About the Curran Lab
Our long-term goal is to generate blueprints that allow an individual to maximize health over the course of their lifespan. Informed by genetics, we develop the capacity to predict which diets are ideal for a healthy life and which should be avoided. Moreover, we investigate the mechanistic basis of the molecules, genes, and pathways we have discovered can influence healthspan. The product of this investment is the ability to use diet as a means to circumvent genetic predisposition and prevent or reduce the severity of age-related disease. Our research has benefited from the ability to quickly test several diet-gene pairs in C. elegans, which has allowed us to transition to directed studies in murine models. Although we will continue to exploit the utility of genetics and biochemistry of the worm, we expect that our mouse and cultured human cell approaches will synergize and provide relevant information for human aging.
Loss of flavin adenine dinucleotide (FAD) impairs sperm function and male reproductive advantage in C. elegans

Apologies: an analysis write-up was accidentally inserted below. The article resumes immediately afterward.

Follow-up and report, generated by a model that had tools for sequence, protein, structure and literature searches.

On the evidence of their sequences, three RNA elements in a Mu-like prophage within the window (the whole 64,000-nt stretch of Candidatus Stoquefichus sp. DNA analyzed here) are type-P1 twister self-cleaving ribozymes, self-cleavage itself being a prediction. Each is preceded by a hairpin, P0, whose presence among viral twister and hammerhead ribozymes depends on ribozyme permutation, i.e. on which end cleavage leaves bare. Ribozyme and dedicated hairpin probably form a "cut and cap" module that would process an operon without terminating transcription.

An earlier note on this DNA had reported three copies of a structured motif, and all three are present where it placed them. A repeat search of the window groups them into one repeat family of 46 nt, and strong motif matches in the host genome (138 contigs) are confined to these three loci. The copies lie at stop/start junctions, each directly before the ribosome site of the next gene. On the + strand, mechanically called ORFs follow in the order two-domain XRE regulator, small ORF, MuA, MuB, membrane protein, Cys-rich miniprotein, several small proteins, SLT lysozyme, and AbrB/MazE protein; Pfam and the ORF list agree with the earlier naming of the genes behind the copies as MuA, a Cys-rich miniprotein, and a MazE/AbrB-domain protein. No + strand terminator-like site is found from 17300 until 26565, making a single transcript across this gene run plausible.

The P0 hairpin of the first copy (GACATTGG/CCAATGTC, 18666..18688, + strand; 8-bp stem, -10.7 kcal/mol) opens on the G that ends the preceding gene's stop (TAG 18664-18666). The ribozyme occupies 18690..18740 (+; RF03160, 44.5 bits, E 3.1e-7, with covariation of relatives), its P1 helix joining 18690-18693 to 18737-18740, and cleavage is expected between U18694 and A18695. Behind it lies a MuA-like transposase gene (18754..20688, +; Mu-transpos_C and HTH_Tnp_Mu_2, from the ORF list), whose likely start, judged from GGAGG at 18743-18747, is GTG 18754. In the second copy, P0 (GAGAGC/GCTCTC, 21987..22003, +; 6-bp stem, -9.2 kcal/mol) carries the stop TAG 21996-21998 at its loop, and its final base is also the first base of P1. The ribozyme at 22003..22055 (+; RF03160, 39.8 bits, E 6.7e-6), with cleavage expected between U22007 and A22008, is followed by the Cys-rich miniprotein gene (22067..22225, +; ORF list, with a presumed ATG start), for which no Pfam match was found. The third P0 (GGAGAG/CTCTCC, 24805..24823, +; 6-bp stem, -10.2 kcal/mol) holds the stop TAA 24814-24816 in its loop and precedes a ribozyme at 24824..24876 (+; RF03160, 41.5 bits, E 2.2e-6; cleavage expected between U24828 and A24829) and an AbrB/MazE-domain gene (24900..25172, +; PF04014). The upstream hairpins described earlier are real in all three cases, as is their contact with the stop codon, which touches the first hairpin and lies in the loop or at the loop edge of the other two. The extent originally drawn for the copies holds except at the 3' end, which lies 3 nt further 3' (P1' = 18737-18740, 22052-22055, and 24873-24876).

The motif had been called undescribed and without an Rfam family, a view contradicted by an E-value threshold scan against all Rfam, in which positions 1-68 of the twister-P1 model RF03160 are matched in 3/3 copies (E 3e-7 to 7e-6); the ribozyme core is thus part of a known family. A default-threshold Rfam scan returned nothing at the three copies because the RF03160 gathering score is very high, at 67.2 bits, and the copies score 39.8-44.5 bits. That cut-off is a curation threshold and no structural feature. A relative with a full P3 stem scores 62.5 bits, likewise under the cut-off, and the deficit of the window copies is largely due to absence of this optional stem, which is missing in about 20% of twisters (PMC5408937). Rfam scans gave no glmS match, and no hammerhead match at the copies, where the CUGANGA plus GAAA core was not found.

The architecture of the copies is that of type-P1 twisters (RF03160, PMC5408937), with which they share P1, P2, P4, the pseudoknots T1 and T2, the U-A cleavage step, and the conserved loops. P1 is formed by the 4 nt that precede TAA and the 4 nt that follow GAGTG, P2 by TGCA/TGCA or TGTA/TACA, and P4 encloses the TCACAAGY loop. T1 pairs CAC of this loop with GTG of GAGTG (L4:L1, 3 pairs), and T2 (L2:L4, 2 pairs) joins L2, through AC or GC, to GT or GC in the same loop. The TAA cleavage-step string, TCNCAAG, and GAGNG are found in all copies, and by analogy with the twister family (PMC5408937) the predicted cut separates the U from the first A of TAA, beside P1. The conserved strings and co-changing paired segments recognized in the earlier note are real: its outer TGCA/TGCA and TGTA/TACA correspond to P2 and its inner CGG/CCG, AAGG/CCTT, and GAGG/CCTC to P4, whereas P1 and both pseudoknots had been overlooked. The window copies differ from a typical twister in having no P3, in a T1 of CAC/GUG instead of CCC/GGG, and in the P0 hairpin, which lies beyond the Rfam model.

Chia-An Yen, Dana L Ruter, Christian D Turner, Shanshan Pang, Sean P. Curran
Redirection of SKN-1 abates the negative metabolic outcomes of a perceived pathogen infection.
James D. Nhan, Christian D. Turner, Sarah M. Anderson, Chia-An Yen, Hans M. Dalton, Hilary K. Cheesman, Dana L. Ruter, Nandhitha Uma Naresh, Cole M. Haynes, Alexander A. Soukas, Read Pukkila-Worley, and Sean P. Curran
Genetic variation in ALDH4A1 is associated with muscle health over the lifespan and across species
Osvaldo Villa*, Nicole L Stuhr*, Chia-an Yen*, Eileen M Crimmins, Thalida Em Arpawong, Sean P Curran
Bacterial diets differentially alter lifespan and healthspan trajectories in C. elegans
Nicole L. Stuhr, Sean P. Curran
Lab Phone: (213) 740-9026
University of Southern California
Leonard Davis School of Gerontology
3715 McClintock Ave.
Los Angeles, CA. 90089